14 January 2019

Nigeria: NASS Plans 5-Day Budget Debate Before Adjourning for 2019 Polls

Photo: Premium Times
President Muhammadu Buhari places the 2019 Appropriation Bill on the table after his presentation to a joint season of the National Assembly in Abuja.

Abuja — As the National Assembly resumes the day after tomorrow, there are indications that the lawmakers would hold plenary for just five legislative days, beginning from Wednesday to Thursday next week before adjourning for four weeks to take part in the forthcoming general elections.

A source close to the Senate leadership told LEADERSHIP that the lawmakers will hold plenary on Wednesday and Thursday this week to set agenda for debate on general principles of the N8.83trillion 2019 budget presented to them by President Muhammadu Buhari on December 19 last year.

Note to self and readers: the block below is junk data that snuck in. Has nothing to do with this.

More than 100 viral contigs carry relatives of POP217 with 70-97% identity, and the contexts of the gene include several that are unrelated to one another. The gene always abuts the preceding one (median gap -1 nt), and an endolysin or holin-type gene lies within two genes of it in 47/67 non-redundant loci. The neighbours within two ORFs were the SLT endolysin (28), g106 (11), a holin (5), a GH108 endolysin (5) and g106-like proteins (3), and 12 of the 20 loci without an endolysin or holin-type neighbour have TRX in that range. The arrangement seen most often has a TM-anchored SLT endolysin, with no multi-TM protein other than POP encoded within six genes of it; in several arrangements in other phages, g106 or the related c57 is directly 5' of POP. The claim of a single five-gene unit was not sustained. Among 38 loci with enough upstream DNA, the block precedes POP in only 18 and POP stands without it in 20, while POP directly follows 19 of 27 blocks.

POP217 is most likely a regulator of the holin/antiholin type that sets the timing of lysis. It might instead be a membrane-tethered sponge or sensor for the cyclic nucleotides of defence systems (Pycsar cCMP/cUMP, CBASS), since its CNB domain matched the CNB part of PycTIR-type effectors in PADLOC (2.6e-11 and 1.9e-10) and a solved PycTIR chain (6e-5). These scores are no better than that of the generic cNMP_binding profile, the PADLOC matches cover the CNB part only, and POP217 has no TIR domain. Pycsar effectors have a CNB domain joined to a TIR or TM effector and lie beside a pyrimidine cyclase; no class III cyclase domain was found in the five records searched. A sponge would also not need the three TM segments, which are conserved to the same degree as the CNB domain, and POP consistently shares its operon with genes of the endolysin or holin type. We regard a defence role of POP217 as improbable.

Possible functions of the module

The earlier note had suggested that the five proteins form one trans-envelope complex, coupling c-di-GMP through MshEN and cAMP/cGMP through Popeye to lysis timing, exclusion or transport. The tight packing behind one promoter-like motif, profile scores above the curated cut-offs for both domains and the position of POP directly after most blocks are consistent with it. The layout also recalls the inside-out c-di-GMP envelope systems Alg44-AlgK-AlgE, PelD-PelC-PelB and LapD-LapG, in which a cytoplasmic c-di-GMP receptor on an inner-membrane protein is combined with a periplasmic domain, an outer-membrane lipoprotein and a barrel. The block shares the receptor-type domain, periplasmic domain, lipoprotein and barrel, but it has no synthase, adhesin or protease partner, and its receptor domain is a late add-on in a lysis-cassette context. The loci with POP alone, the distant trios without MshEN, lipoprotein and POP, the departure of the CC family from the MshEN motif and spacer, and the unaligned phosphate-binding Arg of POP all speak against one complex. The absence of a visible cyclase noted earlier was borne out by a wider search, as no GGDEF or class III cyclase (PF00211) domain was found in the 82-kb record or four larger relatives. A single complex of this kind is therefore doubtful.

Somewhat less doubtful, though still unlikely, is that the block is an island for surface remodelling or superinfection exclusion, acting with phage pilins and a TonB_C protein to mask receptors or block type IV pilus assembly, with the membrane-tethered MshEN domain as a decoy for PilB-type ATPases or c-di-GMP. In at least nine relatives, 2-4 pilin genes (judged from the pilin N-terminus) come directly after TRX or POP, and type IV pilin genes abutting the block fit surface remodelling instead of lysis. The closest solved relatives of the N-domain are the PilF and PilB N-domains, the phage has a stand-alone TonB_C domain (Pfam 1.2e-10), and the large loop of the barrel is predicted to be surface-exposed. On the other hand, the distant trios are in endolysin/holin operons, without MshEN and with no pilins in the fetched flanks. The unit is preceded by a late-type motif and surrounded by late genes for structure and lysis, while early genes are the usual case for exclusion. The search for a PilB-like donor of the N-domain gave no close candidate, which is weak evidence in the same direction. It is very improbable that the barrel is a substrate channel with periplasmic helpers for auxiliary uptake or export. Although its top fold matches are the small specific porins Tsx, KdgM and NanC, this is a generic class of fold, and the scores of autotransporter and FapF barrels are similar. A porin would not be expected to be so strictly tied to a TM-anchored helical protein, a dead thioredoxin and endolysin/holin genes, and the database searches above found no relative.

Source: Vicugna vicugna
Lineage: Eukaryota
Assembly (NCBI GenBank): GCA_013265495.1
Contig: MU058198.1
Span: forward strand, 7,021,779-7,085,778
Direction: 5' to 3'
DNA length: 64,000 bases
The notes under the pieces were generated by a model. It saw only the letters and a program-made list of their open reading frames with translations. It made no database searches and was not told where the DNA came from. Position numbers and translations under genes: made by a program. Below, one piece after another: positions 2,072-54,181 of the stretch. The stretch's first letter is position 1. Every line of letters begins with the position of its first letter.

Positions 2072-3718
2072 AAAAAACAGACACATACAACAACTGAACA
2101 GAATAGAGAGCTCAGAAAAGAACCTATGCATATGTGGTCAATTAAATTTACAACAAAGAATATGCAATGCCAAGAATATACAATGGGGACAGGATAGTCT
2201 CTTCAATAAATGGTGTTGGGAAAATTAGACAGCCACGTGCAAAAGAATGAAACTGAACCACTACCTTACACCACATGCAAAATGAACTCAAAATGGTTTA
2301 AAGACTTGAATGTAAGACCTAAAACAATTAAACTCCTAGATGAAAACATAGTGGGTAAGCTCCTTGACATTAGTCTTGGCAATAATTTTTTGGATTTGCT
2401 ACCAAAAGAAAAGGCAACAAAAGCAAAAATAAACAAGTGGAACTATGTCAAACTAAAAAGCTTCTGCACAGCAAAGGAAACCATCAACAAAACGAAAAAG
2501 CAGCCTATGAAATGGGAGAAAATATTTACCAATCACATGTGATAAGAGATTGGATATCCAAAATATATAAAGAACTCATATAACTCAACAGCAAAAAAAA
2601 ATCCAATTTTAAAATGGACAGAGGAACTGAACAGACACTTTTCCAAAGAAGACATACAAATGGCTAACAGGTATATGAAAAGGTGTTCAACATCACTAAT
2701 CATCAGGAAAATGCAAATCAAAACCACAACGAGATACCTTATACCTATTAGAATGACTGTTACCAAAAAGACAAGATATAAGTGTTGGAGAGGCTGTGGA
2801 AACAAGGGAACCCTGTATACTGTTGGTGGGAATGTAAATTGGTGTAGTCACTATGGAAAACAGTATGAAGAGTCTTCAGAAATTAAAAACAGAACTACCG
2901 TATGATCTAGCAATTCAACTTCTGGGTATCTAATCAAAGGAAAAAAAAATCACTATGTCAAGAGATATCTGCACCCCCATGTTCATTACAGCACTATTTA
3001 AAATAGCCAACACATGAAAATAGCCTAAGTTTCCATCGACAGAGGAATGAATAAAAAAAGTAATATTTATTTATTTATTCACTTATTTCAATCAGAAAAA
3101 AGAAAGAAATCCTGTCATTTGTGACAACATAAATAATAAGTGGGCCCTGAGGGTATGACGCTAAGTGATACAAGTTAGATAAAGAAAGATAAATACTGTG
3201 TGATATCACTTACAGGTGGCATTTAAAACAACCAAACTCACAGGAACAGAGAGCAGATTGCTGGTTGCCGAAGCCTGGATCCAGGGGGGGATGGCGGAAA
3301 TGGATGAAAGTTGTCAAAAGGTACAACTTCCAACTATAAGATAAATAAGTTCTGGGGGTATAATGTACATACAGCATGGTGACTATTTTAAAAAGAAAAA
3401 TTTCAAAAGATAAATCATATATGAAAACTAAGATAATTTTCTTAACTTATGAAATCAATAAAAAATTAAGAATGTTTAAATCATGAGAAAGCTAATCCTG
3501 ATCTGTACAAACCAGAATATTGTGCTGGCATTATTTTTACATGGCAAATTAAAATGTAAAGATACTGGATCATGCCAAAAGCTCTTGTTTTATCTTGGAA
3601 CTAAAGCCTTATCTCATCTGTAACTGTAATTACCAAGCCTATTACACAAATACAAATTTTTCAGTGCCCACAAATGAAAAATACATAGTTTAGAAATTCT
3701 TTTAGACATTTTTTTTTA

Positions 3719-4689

The source who did not want his name in print expressed fears that serious legislative work on the 2019 budget proposal may suffer due to lack of budget details expected from the executive arm of government.

The office of the Senate Leader, Senator Ahmed Lawan (Yobe South, APC), confirmed that upon resumption from Christmas and New Year break on Tuesday, the most prominent issue that will take the attention of the Senate is the Appropriation Bill.

LEADERSHIP gathered that the debate on general principles of the budget will hold at both chambers from Tuesday to Thursday next week (22- 24 January 2019) for the required passage for second reading and consideration at committee levels where heads of the various federal Ministries, Departments and Agencies (MDAs) would appear for defence of budgetary allocations proposed for them in the fiscal year.

But there is a growing concern that lack of sufficient details from the executive arm of government could pose some challenges for the budget preparations.

When President Muhammadu Buhari presented the 2019 budget proposal to the joint session of the National Assembly on December 19, 2018, he disclosed that further details would be provided to lawmakers to enable them to commence work.